Land Grabbing:: At What Price?
Independent thesis Basic level (degree of Bachelor), 10 credits / 15 HE creditsStudent thesis
From a historical point of view land has constantly been a resource connected to survival and power. The increased demand for land is explained by several forces such as an growing population, which leads to a higher consumption, an increased market demand for food, biofuels and natural resources. Rising oil prices and climate change have increased the demand for biofuels, which in turn leads towards an increased large-scale mono cropping in the agricultural business. The Critical Discourse Analsysis contributes to an understanding that land grabbing is connected with the market, politics and climate change, which have severe effects on local people’s livilehood and on the environment in terms of water use, ecosystems and biodiversity. The norms and values at the international level stimulates the discourse of land grabbing, where profit and economic growth is considered to create opportunities and development. The problems that surround land grabbing could be explained through that land and natural resources are treated as commondities instead of collective assests for survival and livelihood.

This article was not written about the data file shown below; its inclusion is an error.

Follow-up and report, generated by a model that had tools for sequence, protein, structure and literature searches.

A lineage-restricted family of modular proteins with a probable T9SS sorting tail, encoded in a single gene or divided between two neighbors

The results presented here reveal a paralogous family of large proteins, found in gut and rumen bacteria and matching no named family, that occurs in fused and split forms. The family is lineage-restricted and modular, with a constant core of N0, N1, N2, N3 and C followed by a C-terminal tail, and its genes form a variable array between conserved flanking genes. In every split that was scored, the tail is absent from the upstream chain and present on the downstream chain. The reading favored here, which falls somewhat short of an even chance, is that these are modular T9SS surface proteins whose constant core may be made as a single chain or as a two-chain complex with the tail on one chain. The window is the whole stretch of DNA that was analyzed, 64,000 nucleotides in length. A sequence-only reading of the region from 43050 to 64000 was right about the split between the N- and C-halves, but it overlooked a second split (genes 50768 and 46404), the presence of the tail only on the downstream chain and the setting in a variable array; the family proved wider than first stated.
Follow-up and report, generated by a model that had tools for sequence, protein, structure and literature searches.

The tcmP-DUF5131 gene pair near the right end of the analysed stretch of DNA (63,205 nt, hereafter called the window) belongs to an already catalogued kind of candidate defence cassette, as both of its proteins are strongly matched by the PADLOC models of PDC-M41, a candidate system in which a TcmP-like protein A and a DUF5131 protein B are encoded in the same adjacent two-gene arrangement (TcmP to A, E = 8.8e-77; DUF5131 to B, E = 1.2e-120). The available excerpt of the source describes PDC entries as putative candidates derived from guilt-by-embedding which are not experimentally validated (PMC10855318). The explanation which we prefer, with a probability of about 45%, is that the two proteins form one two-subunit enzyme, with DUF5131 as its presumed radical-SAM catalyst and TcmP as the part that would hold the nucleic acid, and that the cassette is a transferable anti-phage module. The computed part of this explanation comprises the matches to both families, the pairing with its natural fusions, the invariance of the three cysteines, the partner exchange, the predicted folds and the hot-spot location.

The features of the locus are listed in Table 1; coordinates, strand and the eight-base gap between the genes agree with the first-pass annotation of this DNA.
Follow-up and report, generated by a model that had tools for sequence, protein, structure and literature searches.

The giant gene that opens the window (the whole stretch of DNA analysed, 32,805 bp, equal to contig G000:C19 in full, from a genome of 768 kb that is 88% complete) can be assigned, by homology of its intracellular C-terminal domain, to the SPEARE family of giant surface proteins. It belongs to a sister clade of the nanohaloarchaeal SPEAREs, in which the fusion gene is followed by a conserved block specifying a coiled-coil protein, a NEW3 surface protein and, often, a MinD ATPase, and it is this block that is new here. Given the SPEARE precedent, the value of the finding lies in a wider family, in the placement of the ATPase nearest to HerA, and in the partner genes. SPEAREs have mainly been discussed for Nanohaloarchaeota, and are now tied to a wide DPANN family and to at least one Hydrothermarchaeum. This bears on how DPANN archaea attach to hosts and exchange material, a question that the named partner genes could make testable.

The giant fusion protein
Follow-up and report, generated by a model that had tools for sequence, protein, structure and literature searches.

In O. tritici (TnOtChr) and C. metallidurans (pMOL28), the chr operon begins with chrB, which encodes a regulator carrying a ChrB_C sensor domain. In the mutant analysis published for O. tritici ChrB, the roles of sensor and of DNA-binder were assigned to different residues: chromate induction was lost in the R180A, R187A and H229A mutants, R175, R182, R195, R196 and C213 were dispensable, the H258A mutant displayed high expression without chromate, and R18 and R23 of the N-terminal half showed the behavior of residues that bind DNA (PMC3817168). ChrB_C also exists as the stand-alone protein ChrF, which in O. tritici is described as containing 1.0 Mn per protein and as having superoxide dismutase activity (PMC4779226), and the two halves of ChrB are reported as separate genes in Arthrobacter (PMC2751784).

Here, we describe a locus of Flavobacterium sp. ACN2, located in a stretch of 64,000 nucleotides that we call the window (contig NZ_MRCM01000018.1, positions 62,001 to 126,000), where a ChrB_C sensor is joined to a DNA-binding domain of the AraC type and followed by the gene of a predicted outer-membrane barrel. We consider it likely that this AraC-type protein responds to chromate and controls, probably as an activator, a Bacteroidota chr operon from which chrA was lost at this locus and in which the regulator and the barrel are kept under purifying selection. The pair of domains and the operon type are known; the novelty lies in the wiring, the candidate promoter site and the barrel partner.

Place, publisher, year, edition, pages
2015. , 46 p.
Agricultural, Climate Change, Environment, Human Rights, Investment, Land grabbing, Polanyi, Power, The Kyoto Protocol, The World Bank
IdentifiersURN: urn:nbn:se:lnu:diva-44245OAI: oai:DiVA.org:lnu-44245DiVA: diva2:821320
Subject / course
Peace and development
Peace and Development Programme, 180 credits
2015-06-03, Växjö, 14:00 (English)